You fail at your job MTV. You can’t even make propaganda right.

Where does that leave LGBT Muslims?

In a really shitty room full of hoops to jump through, I’d say.

Basically it feels like my identities are being used against each other.


Fucking shit. This video is going to be the end of me. It is actually going to kill me.

It feels like your identities are being used against each other because you know — you FUCKING KNOW — that the majority of people who follow your religion (yes, even the moderate ones in Western countries we love to bring up) are explicitly opposed to homosexuality. You know this, and you’re just ignoring it. You’re ignoring it in favor of acting like the people who legitimately point out the personal and intellectual dishonesty you’re engaging in are the bad guys.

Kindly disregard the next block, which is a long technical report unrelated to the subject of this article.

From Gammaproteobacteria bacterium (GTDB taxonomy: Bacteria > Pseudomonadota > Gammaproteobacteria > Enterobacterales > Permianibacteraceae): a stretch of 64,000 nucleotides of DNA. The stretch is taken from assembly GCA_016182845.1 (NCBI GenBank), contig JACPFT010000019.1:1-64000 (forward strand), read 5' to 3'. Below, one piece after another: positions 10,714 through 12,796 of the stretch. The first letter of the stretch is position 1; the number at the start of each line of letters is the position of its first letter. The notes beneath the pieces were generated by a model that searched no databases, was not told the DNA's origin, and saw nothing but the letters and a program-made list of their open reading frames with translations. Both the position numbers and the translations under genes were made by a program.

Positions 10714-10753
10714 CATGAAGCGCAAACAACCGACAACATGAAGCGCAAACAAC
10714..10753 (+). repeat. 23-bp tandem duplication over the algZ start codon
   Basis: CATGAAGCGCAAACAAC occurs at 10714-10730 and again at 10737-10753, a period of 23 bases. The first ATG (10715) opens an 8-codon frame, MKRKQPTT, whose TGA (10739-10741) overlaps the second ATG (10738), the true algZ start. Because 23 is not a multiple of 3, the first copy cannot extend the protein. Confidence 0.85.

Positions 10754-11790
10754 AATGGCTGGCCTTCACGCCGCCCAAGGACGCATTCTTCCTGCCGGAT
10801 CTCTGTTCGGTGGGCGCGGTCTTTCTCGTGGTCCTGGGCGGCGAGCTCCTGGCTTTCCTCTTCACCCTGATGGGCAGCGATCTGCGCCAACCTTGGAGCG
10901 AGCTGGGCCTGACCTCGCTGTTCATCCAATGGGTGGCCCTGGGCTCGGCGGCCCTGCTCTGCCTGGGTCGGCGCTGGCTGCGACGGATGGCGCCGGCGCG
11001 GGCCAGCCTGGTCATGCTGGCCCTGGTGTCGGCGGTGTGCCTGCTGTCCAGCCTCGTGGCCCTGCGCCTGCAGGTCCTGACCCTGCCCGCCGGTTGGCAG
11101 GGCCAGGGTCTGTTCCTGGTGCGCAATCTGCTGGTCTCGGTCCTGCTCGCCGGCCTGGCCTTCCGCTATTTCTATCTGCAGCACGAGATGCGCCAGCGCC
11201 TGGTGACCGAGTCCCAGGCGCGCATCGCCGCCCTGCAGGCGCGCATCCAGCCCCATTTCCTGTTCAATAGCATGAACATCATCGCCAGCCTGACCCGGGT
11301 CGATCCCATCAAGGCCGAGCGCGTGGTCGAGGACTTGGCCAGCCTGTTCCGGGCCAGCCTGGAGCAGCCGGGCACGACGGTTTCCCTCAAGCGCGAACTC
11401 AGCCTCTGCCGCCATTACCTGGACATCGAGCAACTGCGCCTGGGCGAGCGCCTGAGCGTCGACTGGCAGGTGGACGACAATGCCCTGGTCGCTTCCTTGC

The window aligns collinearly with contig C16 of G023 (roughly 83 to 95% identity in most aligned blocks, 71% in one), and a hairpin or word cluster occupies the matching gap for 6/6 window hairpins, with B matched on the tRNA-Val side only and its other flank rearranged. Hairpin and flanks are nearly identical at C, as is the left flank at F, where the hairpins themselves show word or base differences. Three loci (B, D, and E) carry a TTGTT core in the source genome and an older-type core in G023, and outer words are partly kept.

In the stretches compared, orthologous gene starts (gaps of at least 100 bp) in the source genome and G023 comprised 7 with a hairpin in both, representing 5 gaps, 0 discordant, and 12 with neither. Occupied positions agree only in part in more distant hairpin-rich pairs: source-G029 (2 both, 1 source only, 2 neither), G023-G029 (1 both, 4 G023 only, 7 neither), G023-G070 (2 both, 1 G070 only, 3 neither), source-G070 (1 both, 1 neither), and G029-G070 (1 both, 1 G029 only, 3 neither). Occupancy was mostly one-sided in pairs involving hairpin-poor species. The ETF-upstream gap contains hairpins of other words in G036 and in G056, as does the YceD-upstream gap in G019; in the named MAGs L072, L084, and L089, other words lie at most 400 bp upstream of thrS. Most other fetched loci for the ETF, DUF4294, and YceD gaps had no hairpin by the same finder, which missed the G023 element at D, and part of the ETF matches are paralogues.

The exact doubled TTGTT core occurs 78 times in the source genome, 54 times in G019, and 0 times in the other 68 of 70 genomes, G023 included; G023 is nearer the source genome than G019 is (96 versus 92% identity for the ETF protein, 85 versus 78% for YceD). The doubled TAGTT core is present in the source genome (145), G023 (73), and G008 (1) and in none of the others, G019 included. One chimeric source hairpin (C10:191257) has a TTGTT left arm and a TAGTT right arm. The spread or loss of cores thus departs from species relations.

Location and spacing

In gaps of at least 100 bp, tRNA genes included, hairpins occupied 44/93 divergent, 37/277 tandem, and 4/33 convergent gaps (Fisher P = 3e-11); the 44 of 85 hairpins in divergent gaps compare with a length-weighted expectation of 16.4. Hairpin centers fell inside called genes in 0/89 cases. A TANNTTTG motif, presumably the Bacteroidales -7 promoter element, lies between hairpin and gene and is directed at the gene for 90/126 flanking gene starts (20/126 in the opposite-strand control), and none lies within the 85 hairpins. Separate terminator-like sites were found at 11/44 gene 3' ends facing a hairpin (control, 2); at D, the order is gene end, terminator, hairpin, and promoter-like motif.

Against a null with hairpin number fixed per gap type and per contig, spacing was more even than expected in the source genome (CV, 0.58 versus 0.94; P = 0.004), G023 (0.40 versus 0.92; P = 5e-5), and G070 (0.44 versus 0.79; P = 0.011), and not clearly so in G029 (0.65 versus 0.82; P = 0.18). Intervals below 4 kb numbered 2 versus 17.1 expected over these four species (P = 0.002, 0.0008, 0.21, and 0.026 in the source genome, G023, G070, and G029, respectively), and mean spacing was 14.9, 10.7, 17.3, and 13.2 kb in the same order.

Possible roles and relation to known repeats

This is actually making me angry. This is despicable. There are LGBT dying every day in Muslim countries like Saudi Arabia and Egypt because courts majorly influenced by Islamic law say that being gay warrants a death sentence. People are dying. They’re being run out of their homes by their own family members. They’re being sent to prison. They’re being victimized by their government. They’re being forced into unnecessary and unwanted sex change surgeries to “fix” what’s wrong with them. And you are sitting there in a fucking MTV studio in LA or New York or San Fran, some nice, cushy first-world office where you are perfectly safe and supported by everyone around you, complaining about how it just doesn’t make any sense to you why people who care about gay rights are opposed to your religion. And it’s even more disingenuous when you’re probably the same kind of person who chomps at the bit to talk about how badly Christians treat gay people, but all of a sudden when it’s your religion people are rightfully pointing out as regressive and hateful that just doesn’t make any sense.